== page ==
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The Biggest Losers Of China's Deflating Stock Bubble

China's investors are skydiving without a parachute, and there may not be a soft landing for Chinese companies that fled U.S. markets.

By Matt Patston | June 30, 2015

After flying to the top of world finance markets, Chinese stocks appear to be playing Icarus — and their wings are melting. 

The past two weeks have seen Chinese stocks dive amid a sweeping sell-off, which sharpened the fears market analysts have had for months: that Chinese investors were inflating a bubble until it would burst. (Video via CNN)

In 2015, investors have been flooding the market, largely with borrowed money, and pushing company values to record highs. Many of these investors are rushing in without experience — a survey last year showed that two-thirds don't have a high school degree. (Video via New China TV)

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Those investors have also used a huge amount of margin debt, meaning that once an investor's stock falls, they're required to sell off the rest of the stock in order to pay back the loans they used to buy stock in the first place. 

Margin debt, of course, accelerates a market slide: As value goes down, more stocks are sold, which makes value tank even faster — not good news for China. 

But the biggest losers here could be the handful of Chinese companies who, after enlisting on other markets like the New York Stock Exchange, bought back all of their shares so they could de-list and ultimately return to the skyrocketing Chinese market. (Video via Bloomberg)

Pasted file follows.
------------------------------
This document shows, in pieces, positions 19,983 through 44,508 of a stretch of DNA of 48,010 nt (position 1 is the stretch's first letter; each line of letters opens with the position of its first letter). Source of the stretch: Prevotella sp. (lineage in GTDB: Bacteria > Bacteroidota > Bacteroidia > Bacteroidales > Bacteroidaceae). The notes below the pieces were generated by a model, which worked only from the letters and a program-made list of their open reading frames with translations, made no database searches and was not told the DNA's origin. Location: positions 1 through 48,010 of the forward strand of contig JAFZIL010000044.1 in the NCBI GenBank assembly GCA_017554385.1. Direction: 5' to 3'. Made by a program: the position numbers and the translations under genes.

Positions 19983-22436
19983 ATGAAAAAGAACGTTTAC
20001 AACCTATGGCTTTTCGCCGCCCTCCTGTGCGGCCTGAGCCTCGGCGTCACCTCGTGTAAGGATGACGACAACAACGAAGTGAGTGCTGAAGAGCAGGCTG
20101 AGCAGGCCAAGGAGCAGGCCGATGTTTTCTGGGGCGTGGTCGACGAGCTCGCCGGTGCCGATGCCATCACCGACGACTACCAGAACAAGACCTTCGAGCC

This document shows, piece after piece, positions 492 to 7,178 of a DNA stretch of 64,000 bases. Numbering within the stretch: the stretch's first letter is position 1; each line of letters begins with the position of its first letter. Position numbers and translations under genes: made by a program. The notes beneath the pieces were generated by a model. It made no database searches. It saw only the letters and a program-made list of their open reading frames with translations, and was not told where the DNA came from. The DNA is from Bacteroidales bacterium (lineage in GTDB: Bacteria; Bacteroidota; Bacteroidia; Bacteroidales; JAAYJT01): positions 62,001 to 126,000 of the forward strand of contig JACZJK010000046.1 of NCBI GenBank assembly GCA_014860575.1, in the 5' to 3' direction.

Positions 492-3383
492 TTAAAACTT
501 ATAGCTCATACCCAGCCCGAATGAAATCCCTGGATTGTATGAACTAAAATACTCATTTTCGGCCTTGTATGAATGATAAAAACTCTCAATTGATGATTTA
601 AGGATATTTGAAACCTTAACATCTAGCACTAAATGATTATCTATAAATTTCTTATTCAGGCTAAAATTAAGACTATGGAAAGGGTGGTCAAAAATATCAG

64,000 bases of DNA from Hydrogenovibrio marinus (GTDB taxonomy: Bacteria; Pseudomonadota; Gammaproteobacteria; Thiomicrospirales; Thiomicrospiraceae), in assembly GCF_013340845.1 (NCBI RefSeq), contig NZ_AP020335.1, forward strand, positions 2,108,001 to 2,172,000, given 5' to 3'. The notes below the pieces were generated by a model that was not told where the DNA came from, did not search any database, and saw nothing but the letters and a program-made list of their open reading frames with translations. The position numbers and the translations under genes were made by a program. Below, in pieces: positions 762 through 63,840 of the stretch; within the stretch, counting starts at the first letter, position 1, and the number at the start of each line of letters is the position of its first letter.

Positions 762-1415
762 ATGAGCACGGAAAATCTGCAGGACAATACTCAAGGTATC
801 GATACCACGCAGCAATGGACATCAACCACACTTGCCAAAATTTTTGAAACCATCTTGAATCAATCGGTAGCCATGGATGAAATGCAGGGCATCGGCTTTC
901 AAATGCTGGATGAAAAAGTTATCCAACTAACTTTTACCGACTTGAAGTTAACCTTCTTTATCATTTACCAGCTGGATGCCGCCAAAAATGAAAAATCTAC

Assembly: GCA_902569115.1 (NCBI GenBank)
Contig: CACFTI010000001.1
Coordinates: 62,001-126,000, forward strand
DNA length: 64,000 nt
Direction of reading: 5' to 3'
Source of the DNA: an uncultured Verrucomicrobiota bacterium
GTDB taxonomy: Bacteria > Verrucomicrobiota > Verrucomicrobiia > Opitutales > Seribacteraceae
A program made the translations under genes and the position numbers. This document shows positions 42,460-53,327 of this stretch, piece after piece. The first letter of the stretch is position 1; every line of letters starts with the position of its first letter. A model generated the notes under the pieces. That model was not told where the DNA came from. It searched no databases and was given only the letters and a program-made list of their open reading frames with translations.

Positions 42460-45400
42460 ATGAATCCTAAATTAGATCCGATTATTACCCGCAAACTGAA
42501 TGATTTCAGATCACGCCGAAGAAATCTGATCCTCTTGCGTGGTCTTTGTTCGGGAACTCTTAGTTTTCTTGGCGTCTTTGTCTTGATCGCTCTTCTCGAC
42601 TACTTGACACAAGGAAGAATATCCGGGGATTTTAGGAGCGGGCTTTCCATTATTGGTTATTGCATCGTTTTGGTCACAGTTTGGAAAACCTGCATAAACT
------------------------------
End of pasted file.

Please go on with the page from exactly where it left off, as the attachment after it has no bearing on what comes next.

These companies, coming from fields such as e-commerce and budget hotels, wanted to ditch the slow U.S. markets for all the cash they could grab — like Focus Media Holding, which exited the NASDAQ with a $3.8 billion buyout in hopes of getting even higher valuation in China. 

At first, such a swap seems brilliant — the largest Chinese exchange, in Shanghai, is up 60 percent this year, while gains in U.S. exchanges have been minimal. 

But if the bubble bursts, such a seemingly savvy maneuver could backfire, and the companies could burst as well. Always quick to turn to market manipulation, the Chinese government announced new, record-low interest rates to try to boost investor confidence. (Video via Tomo News US)

 So far, it hasn't worked. Chinese stocks continue to slide.

This video includes images from Getty Images and music from Podington Bear / CC BY ND 3.0.

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